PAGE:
Marshall called it a “once in a lifetime” trip and was able to make the visit with the help from the club and money raised.
“We were able to accept this invitation and realize the benefits without using institutional funds by sharing the cost with the representatives from Australia and dollars fundraised by coach Marshall,” Erin Wood, LRSC Director of Development and Community Relations, said.
After a 14-15 hour flight, Marshall had a stacked agenda.
He went to Melbourne for a couple days to watch two big tournaments. Marshall did two days of presentations, the last to a crowd of 70 consisting of students, parents, club personnel and coaches.
Marshall held a youth camp of 50-60 kids from ages 10-14 and had a night of workouts with 16-18-year-old players.
And the best part for Marshall was the familiarity everyone had with LRSC.
“People know Lake Region over in Adelaide and Australia now just because we’ve had such success with Australians,” he said. “You tell some people about the players you’ve had and they go, ‘oh yeah, I know Lake Region and where it’s at.’ It’s a cool thing when you’re halfway across the world and people know what Lake Region State is even though we're in a small town of Devils Lake.”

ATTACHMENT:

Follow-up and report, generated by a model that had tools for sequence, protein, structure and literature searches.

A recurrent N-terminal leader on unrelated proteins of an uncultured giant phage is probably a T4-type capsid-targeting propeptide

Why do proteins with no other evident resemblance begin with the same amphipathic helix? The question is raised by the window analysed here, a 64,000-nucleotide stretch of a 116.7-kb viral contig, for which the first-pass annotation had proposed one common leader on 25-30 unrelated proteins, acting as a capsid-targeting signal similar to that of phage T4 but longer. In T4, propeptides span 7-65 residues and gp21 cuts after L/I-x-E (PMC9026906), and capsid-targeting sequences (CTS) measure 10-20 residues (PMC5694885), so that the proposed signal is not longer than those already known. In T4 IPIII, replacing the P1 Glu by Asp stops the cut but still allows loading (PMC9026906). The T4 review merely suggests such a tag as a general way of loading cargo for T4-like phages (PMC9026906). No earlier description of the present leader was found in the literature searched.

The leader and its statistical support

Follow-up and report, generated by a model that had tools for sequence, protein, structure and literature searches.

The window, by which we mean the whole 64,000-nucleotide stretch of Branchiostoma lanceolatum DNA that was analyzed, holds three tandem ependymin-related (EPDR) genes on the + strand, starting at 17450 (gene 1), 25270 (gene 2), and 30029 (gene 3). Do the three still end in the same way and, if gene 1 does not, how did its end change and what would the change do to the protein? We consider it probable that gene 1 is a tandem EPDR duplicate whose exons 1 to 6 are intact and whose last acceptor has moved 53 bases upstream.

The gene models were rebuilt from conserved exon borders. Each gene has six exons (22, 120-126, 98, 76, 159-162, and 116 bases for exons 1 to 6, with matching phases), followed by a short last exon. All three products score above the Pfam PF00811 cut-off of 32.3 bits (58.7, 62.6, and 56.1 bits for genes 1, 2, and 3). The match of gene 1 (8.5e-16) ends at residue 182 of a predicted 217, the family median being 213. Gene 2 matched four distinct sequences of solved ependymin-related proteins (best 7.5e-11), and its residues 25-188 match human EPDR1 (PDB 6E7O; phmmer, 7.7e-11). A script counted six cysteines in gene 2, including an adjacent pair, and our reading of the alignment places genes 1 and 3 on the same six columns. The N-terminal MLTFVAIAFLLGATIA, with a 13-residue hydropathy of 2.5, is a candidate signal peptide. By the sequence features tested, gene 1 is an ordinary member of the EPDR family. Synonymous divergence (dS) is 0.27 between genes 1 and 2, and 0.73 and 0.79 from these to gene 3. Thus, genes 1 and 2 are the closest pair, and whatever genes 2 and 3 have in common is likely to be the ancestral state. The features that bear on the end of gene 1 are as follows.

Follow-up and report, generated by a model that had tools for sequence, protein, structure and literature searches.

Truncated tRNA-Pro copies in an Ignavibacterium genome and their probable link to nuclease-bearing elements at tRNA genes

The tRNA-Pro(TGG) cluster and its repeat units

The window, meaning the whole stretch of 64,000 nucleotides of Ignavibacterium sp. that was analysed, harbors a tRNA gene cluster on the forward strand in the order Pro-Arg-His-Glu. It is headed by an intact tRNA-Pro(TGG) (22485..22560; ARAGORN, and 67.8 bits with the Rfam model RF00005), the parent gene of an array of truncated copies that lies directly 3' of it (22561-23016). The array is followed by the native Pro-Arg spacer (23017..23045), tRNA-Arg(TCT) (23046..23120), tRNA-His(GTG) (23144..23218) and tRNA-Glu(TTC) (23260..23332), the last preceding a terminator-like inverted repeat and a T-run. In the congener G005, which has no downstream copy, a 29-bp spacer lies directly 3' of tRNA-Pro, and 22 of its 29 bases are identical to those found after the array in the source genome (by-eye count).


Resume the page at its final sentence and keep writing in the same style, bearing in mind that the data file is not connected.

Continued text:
“It’s not an opportunity that comes up a lot, even at the highest level,” Marshall continued. “It’s a once-in-a-lifetime opportunity for me and the school. Just getting a chance to go over there and do something that I love and represent a college who I love working for. It was an experience that I’ll never forget.”
The continued pipeline
“The pipeline we have started with this region of Australia has been great for the institution,” Lloyd Halvorson, LRSC Vice President of Academic and Student Affairs, said. “We get high quality basketball players, but more importantly we get high quality students that are overwhelmingly successful in the classroom.”
And the pipeline doesn’t look to be slowing down soon.
Marshall’s incoming freshmen class is bringing in another player from Adelaide. Mertens is bringing in a player from the other side of Australia.
The recruiting pipeline is getting stronger, and Marshall’s recent trip will further enhance that.
“It strengthens it that much more,” Marshall said. “It wasn’t just for athletics, it makes Lake Region look better as a whole. It helps keep the diversity of our campus going. You look at some of these kids that we’ve brought in over the years, they’re on the Dean’s list, they’re on the President’s List, they get good grades. They’re good students who represent the college well.”
And on the basketball court, LRSC is able to offer a chance to play right away and a shot to continue playing at a four-year school.
“The kids that we’ve brought over here, people over there look up to them,” Mertens said. “They’re going home with Lake Region gear. Jared has gone over there now giving our speech. Kids that want to go to the university, they’re going to pick Lake Region first because we’ve been on their soil.”